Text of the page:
Detroit — Now that the Red Wings’ season is over, general manager Steve Yzerman’s work is only beginning.
An NHL GM’s work never really ends, but especially once the team’s season is done.
And now that the Wings have entered the offseason, some important issues will have to be tackled and worked on by Yzerman, who hasn’t shied away from making personnel moves his first two seasons running the Wings.
The first call will be regarding coach Jeff Blashill.
It was expected a decision on Blashill’s future was going to be made Monday, but an announcement from the organization never came.
It easily could occur Tuesday.
And after a decision on Blashill is finalized, a slew of offseason decisions regarding players and the NHL Entry Draft will need to be made.
Here are some of the biggest items on Yzerman’s plate as the Wings’ offseason begins:
The decision whether to retain Blashill on Monday didn’t materialize.
It’s likely it’ll come down Tuesday, as Yzerman said at his trade deadline news conference he’d act “quickly” on the coaching decision.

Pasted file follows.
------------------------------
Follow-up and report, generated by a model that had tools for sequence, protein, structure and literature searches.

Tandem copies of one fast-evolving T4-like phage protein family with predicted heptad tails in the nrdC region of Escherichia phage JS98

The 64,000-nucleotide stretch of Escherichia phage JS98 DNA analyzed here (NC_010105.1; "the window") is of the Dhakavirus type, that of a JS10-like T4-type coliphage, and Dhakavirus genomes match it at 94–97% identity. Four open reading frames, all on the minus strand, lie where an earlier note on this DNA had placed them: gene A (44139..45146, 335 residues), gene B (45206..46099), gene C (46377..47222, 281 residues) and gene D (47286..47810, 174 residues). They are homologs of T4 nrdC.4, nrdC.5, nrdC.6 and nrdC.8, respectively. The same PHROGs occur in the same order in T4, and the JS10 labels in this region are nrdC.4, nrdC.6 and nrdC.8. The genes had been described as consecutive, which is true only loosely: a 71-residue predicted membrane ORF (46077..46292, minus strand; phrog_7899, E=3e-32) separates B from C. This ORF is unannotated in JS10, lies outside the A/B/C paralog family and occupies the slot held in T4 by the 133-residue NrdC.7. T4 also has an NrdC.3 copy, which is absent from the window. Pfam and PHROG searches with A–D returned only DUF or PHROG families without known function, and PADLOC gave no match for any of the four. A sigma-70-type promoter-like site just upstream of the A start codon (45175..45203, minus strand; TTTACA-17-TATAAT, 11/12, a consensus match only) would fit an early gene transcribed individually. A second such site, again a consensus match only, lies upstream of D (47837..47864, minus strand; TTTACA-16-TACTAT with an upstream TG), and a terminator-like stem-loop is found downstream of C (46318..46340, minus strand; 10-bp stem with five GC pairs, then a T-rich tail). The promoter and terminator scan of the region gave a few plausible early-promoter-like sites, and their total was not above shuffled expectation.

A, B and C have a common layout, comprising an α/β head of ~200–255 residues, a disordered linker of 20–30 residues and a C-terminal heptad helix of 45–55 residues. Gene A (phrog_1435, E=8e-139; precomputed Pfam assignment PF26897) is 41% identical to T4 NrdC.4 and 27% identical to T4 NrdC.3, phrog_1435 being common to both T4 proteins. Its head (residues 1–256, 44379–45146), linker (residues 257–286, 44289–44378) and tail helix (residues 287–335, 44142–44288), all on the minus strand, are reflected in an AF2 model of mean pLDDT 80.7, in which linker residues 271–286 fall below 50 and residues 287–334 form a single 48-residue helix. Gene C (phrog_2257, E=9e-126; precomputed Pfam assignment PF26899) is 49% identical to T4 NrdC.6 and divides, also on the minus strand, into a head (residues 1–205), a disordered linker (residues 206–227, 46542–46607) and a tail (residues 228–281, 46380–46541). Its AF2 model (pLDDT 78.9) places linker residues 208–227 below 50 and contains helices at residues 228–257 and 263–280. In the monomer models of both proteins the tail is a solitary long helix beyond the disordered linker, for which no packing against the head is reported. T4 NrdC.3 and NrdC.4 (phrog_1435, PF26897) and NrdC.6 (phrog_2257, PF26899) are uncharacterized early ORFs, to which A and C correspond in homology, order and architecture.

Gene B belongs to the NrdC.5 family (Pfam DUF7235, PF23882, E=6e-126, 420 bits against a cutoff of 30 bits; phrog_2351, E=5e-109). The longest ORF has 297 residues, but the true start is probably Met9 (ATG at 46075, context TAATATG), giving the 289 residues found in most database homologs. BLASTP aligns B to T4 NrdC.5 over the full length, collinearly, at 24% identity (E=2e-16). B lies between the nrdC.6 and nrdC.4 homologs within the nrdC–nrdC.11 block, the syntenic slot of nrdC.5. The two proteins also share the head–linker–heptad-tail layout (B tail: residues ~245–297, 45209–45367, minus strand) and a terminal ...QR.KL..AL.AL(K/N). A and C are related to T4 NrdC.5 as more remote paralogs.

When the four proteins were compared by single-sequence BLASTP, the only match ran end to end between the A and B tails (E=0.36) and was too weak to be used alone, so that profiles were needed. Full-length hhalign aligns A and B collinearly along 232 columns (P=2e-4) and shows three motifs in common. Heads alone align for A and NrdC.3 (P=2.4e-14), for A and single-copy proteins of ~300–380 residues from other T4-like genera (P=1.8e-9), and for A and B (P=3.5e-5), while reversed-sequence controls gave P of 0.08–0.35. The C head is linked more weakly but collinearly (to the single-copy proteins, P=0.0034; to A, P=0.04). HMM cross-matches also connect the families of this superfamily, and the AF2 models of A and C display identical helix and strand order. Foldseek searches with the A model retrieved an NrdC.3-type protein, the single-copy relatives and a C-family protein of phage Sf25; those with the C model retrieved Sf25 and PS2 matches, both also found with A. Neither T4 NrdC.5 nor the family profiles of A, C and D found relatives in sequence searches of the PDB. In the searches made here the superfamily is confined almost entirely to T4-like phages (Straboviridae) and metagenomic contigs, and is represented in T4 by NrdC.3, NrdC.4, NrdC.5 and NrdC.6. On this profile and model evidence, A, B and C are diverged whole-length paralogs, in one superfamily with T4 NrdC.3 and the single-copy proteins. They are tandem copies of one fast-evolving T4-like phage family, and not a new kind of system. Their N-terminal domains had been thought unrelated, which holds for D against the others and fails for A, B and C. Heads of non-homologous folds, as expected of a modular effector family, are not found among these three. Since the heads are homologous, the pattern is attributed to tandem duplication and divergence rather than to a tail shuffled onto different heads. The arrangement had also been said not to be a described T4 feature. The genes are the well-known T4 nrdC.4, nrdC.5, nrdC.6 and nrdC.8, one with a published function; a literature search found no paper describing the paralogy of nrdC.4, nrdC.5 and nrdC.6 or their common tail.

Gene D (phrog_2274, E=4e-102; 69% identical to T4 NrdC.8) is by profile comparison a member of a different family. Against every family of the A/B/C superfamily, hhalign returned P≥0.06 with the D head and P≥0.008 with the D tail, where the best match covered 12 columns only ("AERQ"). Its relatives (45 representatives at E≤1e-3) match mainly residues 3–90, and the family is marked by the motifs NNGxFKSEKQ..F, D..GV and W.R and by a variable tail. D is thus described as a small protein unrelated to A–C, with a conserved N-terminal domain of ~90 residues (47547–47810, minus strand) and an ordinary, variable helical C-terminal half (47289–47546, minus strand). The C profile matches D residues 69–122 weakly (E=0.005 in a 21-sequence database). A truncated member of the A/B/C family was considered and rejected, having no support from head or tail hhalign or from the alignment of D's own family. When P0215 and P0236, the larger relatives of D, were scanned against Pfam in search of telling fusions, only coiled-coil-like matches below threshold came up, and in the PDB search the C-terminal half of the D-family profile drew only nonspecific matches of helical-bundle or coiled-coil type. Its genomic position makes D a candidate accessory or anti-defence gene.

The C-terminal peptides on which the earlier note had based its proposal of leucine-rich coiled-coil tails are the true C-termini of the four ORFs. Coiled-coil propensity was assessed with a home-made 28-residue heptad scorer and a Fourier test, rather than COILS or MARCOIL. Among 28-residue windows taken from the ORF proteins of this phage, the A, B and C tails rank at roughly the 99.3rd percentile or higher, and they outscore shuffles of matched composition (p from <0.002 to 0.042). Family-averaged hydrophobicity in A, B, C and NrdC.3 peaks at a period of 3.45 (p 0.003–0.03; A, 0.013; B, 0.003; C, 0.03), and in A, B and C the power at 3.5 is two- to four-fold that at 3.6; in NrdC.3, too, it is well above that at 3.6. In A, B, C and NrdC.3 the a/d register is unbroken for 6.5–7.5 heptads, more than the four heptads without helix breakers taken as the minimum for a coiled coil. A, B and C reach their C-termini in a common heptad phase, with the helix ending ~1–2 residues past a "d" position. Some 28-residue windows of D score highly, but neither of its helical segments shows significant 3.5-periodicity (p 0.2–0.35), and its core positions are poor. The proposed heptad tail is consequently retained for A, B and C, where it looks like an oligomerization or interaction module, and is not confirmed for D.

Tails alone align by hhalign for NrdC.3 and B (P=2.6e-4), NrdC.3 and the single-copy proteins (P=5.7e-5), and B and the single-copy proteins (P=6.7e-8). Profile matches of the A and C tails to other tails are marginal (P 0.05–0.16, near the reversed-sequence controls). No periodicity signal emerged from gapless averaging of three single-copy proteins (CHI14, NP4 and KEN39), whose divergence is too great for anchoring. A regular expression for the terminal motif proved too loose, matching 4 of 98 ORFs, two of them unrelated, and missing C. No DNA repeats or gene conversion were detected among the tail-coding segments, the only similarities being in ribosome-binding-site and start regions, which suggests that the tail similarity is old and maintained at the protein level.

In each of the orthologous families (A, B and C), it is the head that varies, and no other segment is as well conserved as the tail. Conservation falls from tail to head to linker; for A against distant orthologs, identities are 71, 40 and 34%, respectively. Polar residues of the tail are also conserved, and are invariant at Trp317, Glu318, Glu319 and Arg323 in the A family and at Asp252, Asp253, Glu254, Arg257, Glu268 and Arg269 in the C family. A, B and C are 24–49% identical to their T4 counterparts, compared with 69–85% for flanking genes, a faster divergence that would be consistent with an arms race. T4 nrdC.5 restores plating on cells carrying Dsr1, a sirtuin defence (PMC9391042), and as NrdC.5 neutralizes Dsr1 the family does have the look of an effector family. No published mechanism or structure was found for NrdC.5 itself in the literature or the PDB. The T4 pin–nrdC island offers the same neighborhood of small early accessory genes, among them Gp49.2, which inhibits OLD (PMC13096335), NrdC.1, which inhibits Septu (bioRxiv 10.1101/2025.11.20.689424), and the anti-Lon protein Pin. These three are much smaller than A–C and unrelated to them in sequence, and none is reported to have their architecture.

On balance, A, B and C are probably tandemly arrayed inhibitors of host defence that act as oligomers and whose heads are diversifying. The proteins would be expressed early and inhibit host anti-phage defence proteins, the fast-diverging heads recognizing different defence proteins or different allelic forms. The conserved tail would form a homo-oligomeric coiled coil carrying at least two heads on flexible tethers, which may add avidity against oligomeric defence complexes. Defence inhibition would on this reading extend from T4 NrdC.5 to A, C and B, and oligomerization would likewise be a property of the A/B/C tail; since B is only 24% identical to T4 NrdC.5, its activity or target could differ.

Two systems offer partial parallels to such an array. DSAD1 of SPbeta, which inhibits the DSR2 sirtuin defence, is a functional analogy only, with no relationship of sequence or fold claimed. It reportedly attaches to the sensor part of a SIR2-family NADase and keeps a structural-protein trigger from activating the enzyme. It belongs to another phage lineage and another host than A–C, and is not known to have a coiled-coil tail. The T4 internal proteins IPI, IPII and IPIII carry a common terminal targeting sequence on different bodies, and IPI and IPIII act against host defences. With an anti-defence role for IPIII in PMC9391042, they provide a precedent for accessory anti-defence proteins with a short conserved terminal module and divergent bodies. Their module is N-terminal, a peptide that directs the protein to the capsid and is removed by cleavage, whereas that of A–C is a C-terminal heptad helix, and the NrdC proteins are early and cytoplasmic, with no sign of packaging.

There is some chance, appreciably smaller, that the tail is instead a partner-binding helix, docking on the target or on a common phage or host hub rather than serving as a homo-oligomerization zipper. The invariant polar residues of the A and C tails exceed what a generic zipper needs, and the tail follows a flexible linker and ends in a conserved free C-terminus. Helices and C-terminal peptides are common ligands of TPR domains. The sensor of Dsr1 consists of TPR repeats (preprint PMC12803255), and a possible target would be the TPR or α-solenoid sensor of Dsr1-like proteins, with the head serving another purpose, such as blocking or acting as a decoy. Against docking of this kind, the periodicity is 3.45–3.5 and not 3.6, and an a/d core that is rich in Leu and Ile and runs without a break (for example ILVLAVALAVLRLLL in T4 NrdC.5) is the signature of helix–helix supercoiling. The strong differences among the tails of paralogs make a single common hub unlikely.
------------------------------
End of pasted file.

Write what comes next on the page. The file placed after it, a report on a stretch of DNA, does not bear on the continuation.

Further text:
Is Blashill returning?
Most analysts, by the slimmest of margins, believe the Wings will bring back Blashill for a seventh season.
The Wings improved this season, surpassed their win total of a year ago in 18 fewer games, and showed dramatic improvement defensively.
But, the offense continued to struggle, with an offense and power play that were ranked among the NHL’s worst for much of the season.
Given Blashill’s record (172-221-62), and the fact the Wings haven’t been a playoff team the last five seasons under his leadership, it wouldn’t be a shocker to see someone new behind the bench.
Maybe it’s just time for a new voice in the locker room?
Fans will know soon enough.
The Seattle Kraken are joining the NHL next season and each current team (except recent expansion brethren Vegas) is going to lose a player during the July 21 expansion draft.
Whoever the Wings lose likely isn’t going to significantly affect the Wings next season, but it will be interesting to see who Yzerman leaves unprotected.
Most teams will choose to protect seven forwards, three defensemen and a goalie. Tthe other option is eight skaters forwards/defensemen and one goalie.
There will be plenty of weeks ahead to analyze and scrutinize who the Wings will keep, but the biggest question might be among the forwards.
Essentially, only one forward among the group of Evgeny Svechnikov, Givani Smith, Vladislav Namestnikov and Frans Nielsen will be protected